I drilled myself on Tunnel, Grizzly Peak, and Wildcat, so was happy to take it easy and take some pictures on the Secret Ranch section. I never used to ride hard on the bike, putting in the work in spin class instead. I didn't want to associate my bike with pain and suffering. The lumbering Atlantis also discouraged hard efforts.
But lately, easy after-work cruises feel boring unless I have someone to ride with. I've actually grown to like the pain cave, especially on the more zippy Indy Fab. Also, if I take too long to get home I end up STARVING, and stuff huge handfuls of potato chips in my mouth while standing in the kitchen in a wet chamois.
Sometimes I wonder why bother with the "training." Training for what? To drop 50-year old ladies on hybrids (for the record, I smoked two tonight)? To be the bestest century rider I can be? I think it comes down to a couple of things:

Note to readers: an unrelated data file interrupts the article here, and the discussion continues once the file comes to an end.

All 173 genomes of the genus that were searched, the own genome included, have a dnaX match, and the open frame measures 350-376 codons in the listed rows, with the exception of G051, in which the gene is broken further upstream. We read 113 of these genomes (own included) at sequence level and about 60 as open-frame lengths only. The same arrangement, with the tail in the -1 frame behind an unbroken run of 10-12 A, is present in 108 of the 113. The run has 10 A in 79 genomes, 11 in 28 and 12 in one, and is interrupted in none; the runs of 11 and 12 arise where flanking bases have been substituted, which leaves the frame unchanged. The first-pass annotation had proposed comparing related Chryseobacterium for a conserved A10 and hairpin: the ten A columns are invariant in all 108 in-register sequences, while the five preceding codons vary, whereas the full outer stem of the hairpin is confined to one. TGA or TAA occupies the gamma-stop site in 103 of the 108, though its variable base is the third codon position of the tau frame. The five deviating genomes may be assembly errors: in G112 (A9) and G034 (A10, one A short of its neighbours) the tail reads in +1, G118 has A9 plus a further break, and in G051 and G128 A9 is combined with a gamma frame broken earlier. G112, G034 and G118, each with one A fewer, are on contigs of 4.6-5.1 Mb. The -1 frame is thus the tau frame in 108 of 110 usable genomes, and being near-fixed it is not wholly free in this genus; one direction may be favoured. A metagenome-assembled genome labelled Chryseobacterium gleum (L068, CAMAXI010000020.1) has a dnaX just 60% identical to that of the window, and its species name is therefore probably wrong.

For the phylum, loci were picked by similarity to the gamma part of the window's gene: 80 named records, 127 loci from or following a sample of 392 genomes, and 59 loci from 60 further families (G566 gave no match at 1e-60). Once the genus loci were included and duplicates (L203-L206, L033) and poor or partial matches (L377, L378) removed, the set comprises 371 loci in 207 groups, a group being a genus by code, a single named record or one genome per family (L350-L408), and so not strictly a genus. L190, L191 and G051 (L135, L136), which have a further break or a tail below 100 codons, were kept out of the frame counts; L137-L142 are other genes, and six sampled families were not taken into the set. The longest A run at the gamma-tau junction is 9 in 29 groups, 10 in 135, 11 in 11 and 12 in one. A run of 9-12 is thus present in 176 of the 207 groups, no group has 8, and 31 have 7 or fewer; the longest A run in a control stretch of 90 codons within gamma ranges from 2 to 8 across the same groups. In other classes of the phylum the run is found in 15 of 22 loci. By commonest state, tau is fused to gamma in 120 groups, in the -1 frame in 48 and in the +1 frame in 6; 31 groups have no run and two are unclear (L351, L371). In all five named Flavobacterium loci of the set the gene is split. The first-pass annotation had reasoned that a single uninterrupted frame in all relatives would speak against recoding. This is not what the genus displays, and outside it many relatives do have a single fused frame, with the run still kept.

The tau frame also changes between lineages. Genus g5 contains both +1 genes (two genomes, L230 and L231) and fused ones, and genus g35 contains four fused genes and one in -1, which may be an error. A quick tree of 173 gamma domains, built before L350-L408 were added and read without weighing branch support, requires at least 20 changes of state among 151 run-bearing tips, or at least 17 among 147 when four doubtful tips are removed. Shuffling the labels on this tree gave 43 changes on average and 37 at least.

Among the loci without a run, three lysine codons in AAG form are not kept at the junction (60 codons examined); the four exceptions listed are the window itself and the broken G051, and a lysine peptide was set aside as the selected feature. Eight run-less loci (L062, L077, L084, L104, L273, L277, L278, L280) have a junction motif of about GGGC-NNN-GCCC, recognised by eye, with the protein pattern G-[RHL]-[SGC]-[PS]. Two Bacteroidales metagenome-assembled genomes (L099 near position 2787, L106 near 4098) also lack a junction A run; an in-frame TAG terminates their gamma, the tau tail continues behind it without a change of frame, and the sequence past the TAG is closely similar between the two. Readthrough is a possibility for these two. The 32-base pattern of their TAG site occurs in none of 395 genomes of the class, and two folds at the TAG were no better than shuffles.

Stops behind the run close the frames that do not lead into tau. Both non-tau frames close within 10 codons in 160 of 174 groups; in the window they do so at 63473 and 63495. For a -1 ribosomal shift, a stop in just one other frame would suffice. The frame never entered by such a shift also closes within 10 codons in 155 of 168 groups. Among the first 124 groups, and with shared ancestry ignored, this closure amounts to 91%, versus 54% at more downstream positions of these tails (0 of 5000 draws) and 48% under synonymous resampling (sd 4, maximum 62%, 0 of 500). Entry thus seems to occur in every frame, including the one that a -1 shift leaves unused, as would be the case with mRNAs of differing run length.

1. Feeling fit, and the associated confidence to tackle tough rides.
3. Post-ride meals taste even better.
4. If I'm going to shave my legs I'd better make a fucking effort.
5. My shaved legs will look good.
I still refuse to call it "training," though. And though tempted, I haven't committed to the lactate threshold test at the gym. I don't race. What would I do with this data?
For dinner - spinach and cheese ravioli tossed in a sauce of fresh tomatoes, anchovies, and garlic. Grilled green beans on the side. I highly recommend the Costco frozen ravioli. Nothing beats it after a mid-week ride, when I'm too tired to make a proper meal. It's a once-a-week date for me. Not glamorous, but super satisfying.
Oooh - I managed to get the stuck stem out of the frame this morning! I just put a wheel into the fork, which gave me enough leverage to twist it out. Should have thought of this on Sunday.